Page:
The novel, however, goes beyond beauty. It also explored the other facets of Korean society such as the importance placed on the need to have a son and the highly patriarchal society. Wonna’s grandmother once said, “When the boy is born, the daughter is cold rice anyway. Time to throw away.” Mental health issues, one that South Korea has been struggling with, was also woven into the narrative’s tapestry. In Ara’s obsession with Taein, the impact of KPop and KPop idols on the lives of ordinary people is captured.

“You see, I have long understood what most women learn by fire after they are married—that the hate mothers-in-law harbor toward their daughters-in-law is built into the genes of all women in this country. The bile festers below the surface, dormant but still lurking, until the son becomes of marriageable age; the resentment at being pushed aside, the anger of becoming second in their sons’ affections.”

~ Frances Cha, If I Had Your Face

The greatest achievement of If I Had Your Face was Cha’s portrayal of feminine companionship. The friendship and the bond that has formed between and amongst the four primary characters, and one secondary character, was a heartwarming relief from the pressures of economy, culture, and the society as a whole. These flashes of solidarity and genuine friendship were startling dichotomies to the cold, consumerist and materialist society that can easily crush anyone underneath its pressure.

Contrary to expectation, If I Had Your Face is not commentary against the prevailing societal conditions in South Korea. In brilliant strokes, Cha weaved vivid details of South Korean society and culture to complete a narrative that resonates on a global scale. These were just microcosms that project on grander narratives, the superficiality that our contemporary society is wrapped in amongst them. But it wasn’t all black and white. There were some rays of hope as well. Wonna, as the story concludes, finally accepts the baby in her womb. The young Mr. Moon helped Ara survive a traumatic experience during her childhood. The four young women found comfort and company in each other.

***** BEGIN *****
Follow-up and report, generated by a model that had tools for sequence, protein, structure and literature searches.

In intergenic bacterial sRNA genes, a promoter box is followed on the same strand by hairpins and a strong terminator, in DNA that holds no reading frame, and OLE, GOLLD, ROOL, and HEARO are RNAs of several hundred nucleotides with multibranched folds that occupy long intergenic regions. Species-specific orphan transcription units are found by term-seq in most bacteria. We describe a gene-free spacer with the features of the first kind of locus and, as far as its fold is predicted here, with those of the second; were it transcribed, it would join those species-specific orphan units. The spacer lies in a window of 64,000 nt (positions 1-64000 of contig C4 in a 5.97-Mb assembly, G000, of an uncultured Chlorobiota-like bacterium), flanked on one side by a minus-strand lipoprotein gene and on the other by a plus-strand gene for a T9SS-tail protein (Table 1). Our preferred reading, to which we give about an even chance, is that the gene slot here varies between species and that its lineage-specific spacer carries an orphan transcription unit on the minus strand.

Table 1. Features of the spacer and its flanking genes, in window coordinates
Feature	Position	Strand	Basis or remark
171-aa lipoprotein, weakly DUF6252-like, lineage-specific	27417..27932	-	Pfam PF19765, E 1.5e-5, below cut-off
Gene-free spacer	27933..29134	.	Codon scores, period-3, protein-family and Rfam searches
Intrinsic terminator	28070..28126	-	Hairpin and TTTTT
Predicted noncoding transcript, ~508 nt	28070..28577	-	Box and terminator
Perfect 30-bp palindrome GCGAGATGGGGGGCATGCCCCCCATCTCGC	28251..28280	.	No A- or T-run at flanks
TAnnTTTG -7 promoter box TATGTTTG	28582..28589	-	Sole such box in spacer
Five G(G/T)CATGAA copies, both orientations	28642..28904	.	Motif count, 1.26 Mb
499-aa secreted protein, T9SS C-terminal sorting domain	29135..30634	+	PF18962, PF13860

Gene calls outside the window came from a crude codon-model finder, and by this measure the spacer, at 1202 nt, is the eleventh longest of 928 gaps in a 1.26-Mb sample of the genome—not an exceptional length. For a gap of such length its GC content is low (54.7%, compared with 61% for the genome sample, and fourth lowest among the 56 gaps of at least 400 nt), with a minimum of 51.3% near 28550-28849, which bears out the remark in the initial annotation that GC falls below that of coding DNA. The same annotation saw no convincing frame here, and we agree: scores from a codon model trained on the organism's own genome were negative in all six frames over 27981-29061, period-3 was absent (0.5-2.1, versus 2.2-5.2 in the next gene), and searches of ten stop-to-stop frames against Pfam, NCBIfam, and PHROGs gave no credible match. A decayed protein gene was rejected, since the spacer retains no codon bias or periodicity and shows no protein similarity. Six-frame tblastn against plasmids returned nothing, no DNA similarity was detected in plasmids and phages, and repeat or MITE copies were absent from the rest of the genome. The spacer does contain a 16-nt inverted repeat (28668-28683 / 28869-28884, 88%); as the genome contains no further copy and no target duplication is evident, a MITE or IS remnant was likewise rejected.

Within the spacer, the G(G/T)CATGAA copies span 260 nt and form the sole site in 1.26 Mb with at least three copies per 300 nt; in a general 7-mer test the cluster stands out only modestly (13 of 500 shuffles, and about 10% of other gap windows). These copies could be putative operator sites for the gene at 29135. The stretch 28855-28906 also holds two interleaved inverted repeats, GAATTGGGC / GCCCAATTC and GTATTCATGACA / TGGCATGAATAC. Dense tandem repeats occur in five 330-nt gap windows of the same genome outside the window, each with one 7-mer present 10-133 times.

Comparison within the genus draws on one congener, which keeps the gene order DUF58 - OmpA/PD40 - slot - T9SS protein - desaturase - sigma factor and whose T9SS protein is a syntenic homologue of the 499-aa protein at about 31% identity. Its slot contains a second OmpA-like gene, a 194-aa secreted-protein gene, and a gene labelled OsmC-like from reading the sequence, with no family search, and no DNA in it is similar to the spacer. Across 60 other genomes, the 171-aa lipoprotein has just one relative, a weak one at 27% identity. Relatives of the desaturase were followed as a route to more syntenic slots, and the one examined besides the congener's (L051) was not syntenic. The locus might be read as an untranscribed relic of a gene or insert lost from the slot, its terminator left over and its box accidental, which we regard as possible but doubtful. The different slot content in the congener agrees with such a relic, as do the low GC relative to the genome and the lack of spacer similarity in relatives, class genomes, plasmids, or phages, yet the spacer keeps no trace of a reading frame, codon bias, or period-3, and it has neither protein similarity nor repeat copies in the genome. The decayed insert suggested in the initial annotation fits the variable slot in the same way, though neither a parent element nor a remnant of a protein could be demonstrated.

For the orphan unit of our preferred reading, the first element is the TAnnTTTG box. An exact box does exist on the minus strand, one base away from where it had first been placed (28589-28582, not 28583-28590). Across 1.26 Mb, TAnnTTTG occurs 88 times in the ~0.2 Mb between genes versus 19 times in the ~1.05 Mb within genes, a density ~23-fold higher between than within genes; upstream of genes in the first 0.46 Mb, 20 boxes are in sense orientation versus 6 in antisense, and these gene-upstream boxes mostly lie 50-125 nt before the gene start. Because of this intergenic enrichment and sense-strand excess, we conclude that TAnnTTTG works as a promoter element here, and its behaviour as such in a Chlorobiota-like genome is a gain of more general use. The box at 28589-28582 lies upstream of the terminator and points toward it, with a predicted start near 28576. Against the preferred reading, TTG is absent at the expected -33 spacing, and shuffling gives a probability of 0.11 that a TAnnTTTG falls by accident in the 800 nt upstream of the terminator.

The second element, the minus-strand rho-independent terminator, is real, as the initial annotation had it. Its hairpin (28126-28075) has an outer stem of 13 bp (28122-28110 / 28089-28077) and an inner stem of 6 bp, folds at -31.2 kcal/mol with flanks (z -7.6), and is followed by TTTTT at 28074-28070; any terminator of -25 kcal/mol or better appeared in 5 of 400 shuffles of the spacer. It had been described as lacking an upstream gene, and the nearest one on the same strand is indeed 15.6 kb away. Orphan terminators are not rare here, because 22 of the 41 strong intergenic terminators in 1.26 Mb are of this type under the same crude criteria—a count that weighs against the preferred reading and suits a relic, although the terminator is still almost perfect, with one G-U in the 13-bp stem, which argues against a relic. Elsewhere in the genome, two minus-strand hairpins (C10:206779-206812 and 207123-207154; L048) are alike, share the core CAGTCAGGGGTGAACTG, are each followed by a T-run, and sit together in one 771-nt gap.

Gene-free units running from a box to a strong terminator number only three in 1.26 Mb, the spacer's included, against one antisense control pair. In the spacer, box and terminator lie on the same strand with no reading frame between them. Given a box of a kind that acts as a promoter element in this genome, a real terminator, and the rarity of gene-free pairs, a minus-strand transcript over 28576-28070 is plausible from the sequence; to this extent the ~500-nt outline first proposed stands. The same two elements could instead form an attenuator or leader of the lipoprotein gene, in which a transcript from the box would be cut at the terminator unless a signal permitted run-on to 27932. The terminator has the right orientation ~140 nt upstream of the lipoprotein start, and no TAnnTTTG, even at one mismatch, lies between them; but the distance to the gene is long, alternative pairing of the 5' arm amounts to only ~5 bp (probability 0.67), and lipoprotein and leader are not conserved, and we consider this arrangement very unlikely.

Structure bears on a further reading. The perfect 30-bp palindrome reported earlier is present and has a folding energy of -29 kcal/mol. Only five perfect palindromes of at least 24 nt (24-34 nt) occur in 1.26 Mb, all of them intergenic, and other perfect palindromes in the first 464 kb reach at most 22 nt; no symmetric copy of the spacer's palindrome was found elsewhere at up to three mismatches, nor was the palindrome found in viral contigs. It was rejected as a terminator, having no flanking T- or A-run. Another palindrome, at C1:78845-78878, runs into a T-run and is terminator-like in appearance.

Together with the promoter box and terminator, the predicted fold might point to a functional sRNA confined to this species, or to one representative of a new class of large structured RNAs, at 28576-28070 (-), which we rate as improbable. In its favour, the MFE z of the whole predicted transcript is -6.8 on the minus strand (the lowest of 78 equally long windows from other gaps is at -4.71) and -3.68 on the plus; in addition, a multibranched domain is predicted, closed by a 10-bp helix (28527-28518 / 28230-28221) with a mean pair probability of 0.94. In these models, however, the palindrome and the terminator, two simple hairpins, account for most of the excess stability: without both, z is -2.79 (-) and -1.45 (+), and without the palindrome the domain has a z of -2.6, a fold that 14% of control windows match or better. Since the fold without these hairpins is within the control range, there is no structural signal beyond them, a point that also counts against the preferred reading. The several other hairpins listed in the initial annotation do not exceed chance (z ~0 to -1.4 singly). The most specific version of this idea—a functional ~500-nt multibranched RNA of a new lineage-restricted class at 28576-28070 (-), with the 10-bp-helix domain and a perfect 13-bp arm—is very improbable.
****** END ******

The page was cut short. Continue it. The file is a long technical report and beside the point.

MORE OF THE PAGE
With so many things done well, it took some time for the flaws to make their presence felt. Dealing with subjects that were very critical, the lack of of solutions left a gaping hole. For the most part, the story skirted around the sensitive and heavy subjects at the expense of some impressionable characters. Whilst each character rendered the narrative a wide spectrum, Wonna’s story was the most rousing but was also the most under-explored. Her story also represented contemporary Korea’s attitude towards childbirth whilst navigating subjects of mental health. Cha sheds some light on these seminal subjects, some even repeatedly emphasized, but the impact was mostly ephemeral.

On the technical aspect, Cha’s writing was neither bland nor excitable; it was just there. The narrative hit the ground running and it pulsated, compelling. The interactions between the characters often feel disjointed or, worse, contrived. There was also a palpable imbalance between men and women. Men – Hanbin, Bruce, Taein among others – were often depicted as creatures of habit, the epitomes of the age-old maxim, “boys will be boys” nor were they given room or space to improve themselves. Cha’s narrative percolated but it never quite reached the surface.

“Sometimes, when he is holding me and I feel like I am liquid in his arms, I wonder if anything else in my life will seem real after this. It is as if I traveled beyond the earth and reached out and touched a burning star, and it is both endurable and terrifying.”

~ Frances Cha, If I Had Your Face